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by Laura I. Miller
When I think of adventure novels, The Hobbit and Treasure Island immediately spring to mind. I hadn’t considered the interior tumult that characters face in many of today’s literary novels and short stories. Until Nick Arvin set me straight, that is! All novels recount some kind of adventure, whether it’s traveling to a foreign land or confronting the monsters in our own backyard. For this reason, we have a lot to learn from the ways in which masters of the craft unfold their woeful tales.
There’s no better person to guide you on your adventure-novel quest than Nick Arvin. A graduate of the Iowa Writer’s Workshop and author of two novels and a collection of short stories, his writing has appeared in The New Yorker, New York Times, and Wall Street Journal, and has been honored with awards from the American Academy of Arts and Letters, the American Library Association, the Isherwood Foundation, and the National Endowment for the Arts.
To read some of his fiction, visit The New Yorker or Five Chapters. To meet him in the flesh—and embark on a new adventure—sign up for his 4-Week: Reading as a Writer—Adventure Novels workshop, which starts on Monday, March 30.
Do you think you have to go on an adventure to write about one?
My first thought is, surely it can’t hurt. But then I remember what Flaubert said: “Be regular and orderly in your life like a bourgeois, so that you may be violent and original in your work.” It probably depends on the needs of your particular muse.
I wonder, is it possible to live without having adventures? Even if you spend your entire life in the same house in the same town, every childhood is still a process of encountering new things and meeting new obstacles and learning to overcome them. And an adult who never leaves home may still have a certain amount of adventure come to him. One of my teachers used to say that there are two kinds of stories: (1) a person goes on a journey and (2) a stranger comes to town. And these are only sides of a coin.
I’m working on a novel set during the War of 1812, and I think of it as an adventure novel. If the only way to write such a story were to directly adventure in early nineteenth century America, I’d be screwed. But I believe everyone instinctively knows the emotional experience of adventure. From there it is a matter of extrapolating to the particulars of the story you want to tell.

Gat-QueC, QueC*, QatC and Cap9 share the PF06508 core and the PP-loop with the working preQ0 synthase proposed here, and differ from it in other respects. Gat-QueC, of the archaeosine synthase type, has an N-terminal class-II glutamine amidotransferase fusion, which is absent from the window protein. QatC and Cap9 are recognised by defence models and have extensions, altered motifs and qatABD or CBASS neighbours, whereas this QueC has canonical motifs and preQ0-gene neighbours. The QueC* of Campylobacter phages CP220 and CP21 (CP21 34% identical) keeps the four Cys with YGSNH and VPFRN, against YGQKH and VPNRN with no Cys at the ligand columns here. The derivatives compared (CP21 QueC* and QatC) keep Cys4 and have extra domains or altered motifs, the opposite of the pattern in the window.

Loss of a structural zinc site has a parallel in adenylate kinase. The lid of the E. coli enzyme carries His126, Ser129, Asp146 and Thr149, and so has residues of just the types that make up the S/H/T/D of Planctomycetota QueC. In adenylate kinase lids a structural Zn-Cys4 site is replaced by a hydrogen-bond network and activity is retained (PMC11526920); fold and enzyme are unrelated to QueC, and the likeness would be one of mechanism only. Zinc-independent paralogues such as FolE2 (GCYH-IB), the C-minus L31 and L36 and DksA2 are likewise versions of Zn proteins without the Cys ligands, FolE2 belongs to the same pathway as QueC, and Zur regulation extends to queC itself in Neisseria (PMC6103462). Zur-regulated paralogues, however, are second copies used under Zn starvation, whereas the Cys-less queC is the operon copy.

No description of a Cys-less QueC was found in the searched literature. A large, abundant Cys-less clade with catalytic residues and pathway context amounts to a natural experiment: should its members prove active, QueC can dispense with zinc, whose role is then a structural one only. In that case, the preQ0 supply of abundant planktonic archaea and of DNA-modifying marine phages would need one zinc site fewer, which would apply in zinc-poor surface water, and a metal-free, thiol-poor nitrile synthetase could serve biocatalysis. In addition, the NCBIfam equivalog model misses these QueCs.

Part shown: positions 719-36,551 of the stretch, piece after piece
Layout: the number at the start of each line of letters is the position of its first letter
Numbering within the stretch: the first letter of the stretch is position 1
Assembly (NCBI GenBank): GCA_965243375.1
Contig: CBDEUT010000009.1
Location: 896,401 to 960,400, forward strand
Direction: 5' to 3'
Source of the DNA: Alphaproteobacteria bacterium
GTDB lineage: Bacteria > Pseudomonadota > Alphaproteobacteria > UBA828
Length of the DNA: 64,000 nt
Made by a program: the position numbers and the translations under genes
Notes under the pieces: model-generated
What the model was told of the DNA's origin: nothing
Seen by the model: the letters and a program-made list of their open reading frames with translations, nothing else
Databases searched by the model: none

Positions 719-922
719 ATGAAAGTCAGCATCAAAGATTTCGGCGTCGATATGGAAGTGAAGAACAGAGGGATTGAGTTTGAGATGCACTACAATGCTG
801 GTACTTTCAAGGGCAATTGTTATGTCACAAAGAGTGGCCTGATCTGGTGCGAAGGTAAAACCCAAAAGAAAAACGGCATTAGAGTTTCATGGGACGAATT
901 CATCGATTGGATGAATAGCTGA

One of the reasons I love teaching this class is because it gives me an opportunity to pick a wonderful book that might be slipping out of the cultural awareness and put it into the hands of some new readers. The King Must Die, by Mary Renault, is one such book that we will be discussing. It’s a historical novel set in ancient Greece that imagines the real person behind the myth of Theseus. It’s a wonderful adventure, rich with history, politics, religion, and, of course, a minotaur and a ball of string in a labyrinth.
Can you recommend some great adventure novels written by women?
See above: The King Must Die, by Mary Renault! Our class will also discuss True Grit, which is by a dude, but has one of the toughest, truest female protagonists you’ll ever find.
I also like The Voyage of the Narwhal, by Andrea Barrett, and The Good Thief, by Hannah Tinti. If you look at science fiction and fantasy, there are a lot of great options, like The Left Hand of Darkness, by Ursula K. Le Guin and The Sparrow, by Mary Doria Russell.
It’s a problem, though. I asked several widely read people for their suggestions for great adventure novels by women, particularly of the literary variety, and they struggled to come up with more than a couple of titles. (If you have some suggestions, please do mention them in the comments below.) On the other hand, a list of great adventure novels by men could go on for pages. As a historical matter this is understandable, since the traditional role for women is to stay home while their men go out and have adventures. But gender roles are shifting. Cheryl Strayed’s Wild could be described as an adventure memoir. And novels like Swamplandia! by Karen Russell and The Flamethrowers by Rachel Kushner have begun to explore this territory. I hope there will be many more.
Why do you think it’s important for people to read adventure novels right now?
If you’re like me, much of your experience now is intermediated by glowing screens, and you go to and from work everyday in a metal box with a few glass window. I have found it to be a tremendous relief and a kind of solace to open a book and enter the story of a plucky character leaving the familiar to venture into the strange, actual world, to encounter its experiences openly, viscerally. I think of Huck Finn floating the broad waters of the Mississippi on a wooden raft, day after day, with nothing but his wits and his friend, the slave Jim. It’s hard not to envy Huck a little. Certainly it is a privilege to share his adventure.
Nick will be teaching the 4-Week: Reading as a Writer—Adventure Novels starting March 30. Stayed tuned here for more lightning interviews with new instructors joining us in the spring!
Laura I. Miller is Lighthouse’s Program Assistant. She holds an MFA in fiction from the University of Arizona where she served as co-editor-in-chief of Sonora Review and managing editor of Fairy Tale Review. She also teaches occasional workshops at Denver Writes and contributes to the Books section of Bustle.